- Lack of knowledge or approval – it can be the case that a testator – someone who has made a will – does not know and/or understand the nature of the will that has been signed.
- Undue influence – sometimes family members may pressure or coerce an individual making a will to make provision in their favour or someone else’s. A will can be rendered invalid on this ground.
There are other circumstances in which you may wish to make representation against the estate of a deceased relative or friend. These include promises that may have been made during life and on which you have made significant, life-influencing decisions. You may for example have been promised ownership of the house in which you are living and therefore elected not to buy or save for another, only to find that the will makes no such provision and that the estate does not intend to honour the promise. Or you may have been promised a sum of money and advised not to save for a pension, again only to find that the estate has other plans. The technical terms for this is [proprietary and promissory estoppel]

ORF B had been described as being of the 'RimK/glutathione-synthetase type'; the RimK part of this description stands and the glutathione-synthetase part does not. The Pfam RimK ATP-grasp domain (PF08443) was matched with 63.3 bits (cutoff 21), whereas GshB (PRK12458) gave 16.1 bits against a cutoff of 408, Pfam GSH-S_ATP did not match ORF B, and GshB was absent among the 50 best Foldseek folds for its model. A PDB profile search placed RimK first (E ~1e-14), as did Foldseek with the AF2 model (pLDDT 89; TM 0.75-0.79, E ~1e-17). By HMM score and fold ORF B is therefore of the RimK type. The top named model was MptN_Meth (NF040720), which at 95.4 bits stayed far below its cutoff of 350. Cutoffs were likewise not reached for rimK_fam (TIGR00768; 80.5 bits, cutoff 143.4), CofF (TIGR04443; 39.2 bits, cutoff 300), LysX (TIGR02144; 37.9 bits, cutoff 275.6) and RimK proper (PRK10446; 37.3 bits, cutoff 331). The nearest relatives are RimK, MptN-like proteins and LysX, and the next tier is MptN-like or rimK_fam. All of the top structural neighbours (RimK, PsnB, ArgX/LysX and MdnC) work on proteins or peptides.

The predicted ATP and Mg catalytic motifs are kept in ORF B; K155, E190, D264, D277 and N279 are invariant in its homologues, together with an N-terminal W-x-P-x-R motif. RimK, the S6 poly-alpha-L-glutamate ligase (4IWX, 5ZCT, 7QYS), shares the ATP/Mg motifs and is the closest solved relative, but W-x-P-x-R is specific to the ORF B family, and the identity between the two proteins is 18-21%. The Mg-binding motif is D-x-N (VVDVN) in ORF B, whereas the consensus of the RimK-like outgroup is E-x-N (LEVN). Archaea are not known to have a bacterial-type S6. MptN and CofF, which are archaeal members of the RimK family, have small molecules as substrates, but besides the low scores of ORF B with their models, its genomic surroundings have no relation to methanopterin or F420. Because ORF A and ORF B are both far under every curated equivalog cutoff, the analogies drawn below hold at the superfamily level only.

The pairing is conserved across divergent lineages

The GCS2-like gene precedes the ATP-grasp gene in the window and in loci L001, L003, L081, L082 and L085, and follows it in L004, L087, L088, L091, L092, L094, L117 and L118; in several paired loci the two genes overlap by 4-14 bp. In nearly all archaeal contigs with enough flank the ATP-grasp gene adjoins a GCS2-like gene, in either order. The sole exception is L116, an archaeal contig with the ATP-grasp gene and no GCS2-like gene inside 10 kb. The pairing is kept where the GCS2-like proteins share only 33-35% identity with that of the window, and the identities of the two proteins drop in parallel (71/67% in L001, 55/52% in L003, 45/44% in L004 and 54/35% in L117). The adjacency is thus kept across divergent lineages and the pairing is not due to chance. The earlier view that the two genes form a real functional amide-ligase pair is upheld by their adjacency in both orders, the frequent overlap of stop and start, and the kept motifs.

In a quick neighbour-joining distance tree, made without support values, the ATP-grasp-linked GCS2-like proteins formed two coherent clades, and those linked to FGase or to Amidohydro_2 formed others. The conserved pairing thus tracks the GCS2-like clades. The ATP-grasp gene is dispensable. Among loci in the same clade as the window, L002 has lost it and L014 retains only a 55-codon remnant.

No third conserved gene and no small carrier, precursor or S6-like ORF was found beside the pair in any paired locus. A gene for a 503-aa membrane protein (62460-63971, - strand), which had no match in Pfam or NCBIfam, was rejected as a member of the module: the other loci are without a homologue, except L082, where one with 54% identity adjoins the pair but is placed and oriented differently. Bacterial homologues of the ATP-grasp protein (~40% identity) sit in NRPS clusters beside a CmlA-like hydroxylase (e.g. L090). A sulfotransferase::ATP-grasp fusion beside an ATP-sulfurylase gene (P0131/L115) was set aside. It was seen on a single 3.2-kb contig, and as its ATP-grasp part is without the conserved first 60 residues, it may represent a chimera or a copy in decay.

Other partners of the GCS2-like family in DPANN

Our Dispute Resolution team has long experience of dealing with such issues and will try to find a solution as quickly and discreetly as possible. We pride ourselves on achieving practical solutions to disputes about wills and inheritance, and our experienced lawyers are members of Resolution (Solicitors Family Law Association) and the Society of Trust and Estate Practitioners (STEP), the specialist professional bodies that apply to these matters.